. 33 7. New York City’s highly regressive overall household tax burden . . 35 8. Economic context and implications of New York’s high taxes . . 38 9. Trends in New York City taxes and tax expenditures since 1980 . . 42 A. Increased reliance on local taxes compared to state and federal aid . . 42 B. Shifts since 1980 among major local taxes . . 43 C. Increase in tax exempt property value . . 44 D. Increase in 421-a tax break for new multiple dwellings . . 47 E. Increase in housing and business-related tax expenditures . . 47 F. Increase in business tax expenditures . . 50 10. Tax policy changes since 1977 .

. 53 A. Koch administration, 1978-1989 . . 54 B. Dinkins administration, 1990-1993 . . 56 C. Giuliani administration, 1994-2001 . . 56 D. Bloomberg administration, 2002-2013 . . 59 FPI January 13, 2015 ii

New York City Taxes—Trends, Impact and Priorities for Reform 11. New York City tax reform considerations . . 66 A. Priority principles to guide tax reform . . 66 B. Property tax inequities . . 67 C. Personal Income Tax . . 72 D. Taxing commuters . . 74 E. Taxing high-value pied-à-terre residences . . 75 F. Issues related to business income taxes . . 76 G. Re-examine business tax expenditures . . 77 H. Real estate related taxes . . 78 I. Establish the capacity to analyze the distribution of taxes and tax changes . . 79 12. Conclusion . . 80 APPENDIX . . 81 FPI January 13, 2015 iii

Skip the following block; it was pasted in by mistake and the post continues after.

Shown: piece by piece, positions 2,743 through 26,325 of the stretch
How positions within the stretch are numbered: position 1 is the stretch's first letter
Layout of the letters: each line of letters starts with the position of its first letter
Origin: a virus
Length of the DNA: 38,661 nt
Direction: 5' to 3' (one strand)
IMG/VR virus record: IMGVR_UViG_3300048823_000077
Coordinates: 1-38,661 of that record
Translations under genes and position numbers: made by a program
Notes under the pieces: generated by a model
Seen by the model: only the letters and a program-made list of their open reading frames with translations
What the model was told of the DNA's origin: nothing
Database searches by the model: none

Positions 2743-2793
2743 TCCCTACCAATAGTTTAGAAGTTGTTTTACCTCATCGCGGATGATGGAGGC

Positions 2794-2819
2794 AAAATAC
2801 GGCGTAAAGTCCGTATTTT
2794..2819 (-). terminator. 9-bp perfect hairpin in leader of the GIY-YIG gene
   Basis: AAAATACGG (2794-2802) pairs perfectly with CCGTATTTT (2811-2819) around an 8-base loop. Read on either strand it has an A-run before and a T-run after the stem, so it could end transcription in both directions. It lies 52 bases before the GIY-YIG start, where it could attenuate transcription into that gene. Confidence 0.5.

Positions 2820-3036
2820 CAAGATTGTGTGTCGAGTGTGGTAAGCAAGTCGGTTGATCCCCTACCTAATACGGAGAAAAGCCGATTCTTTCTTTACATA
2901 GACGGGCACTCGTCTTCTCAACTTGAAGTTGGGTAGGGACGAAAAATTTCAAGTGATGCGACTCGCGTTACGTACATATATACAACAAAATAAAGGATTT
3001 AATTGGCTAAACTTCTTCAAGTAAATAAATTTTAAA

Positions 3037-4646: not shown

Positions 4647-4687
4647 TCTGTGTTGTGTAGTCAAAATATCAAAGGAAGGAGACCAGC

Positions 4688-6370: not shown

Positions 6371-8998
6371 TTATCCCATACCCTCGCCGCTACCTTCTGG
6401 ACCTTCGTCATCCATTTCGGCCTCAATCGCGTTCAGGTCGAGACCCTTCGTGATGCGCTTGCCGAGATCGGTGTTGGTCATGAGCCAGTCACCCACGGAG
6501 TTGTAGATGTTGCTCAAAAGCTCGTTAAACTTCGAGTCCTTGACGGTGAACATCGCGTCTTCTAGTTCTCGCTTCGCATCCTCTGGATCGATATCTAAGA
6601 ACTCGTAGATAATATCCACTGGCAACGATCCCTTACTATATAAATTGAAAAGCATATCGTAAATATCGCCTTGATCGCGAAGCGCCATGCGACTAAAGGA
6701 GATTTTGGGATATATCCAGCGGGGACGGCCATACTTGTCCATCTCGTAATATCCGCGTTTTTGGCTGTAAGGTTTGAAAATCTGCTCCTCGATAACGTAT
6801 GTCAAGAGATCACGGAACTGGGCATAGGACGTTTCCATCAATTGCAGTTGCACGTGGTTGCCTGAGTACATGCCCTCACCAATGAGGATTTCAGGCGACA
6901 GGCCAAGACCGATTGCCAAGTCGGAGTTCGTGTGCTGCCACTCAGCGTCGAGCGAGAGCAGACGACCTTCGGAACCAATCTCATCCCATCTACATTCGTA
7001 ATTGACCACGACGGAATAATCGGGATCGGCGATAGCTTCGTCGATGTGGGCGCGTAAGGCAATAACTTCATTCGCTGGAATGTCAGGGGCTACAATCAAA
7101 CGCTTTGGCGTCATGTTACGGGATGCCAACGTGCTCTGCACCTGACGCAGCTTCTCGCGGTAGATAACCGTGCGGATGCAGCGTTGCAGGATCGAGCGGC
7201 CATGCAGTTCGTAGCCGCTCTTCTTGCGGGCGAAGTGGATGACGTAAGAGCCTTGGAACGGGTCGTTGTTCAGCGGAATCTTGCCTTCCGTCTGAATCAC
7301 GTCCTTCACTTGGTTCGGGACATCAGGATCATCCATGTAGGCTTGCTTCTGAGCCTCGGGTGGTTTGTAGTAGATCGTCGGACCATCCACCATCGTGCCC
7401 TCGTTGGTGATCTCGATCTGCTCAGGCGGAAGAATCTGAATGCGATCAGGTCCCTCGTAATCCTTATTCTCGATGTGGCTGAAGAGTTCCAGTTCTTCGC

New York City Taxes—Trends, Impact and Priorities for Reform List of Figures FIGURE 1: New York City Local Tax collections, FY 2014 .

. 12 FIGURE 2: New York City local tax collections, FY 2014 . . 13 FIGURE 3: New York State tax revenues by type, FY 2014 . . 20 FIGURE 4: Top marginal tax rates on personal income, New York State & New York City, 1960-2014 . . 21 FIGURE 5: 10 states with greatest combined state and local burden (taxes relative to personal income), 2011 . . 25 FIGURE 6: New York State and Local Taxes per $100 of Personal Income, FY 1995, 2000, 2005, and 2012 . . 27 FIGURE 7: New York State and Local Government Tax Effort by Type of Government, 2004-2005 . . 29 FIGURE 8: NYC Tax Burdens for Representative Households at Different Income Levels Compared to Largest City in Each State, 2012 .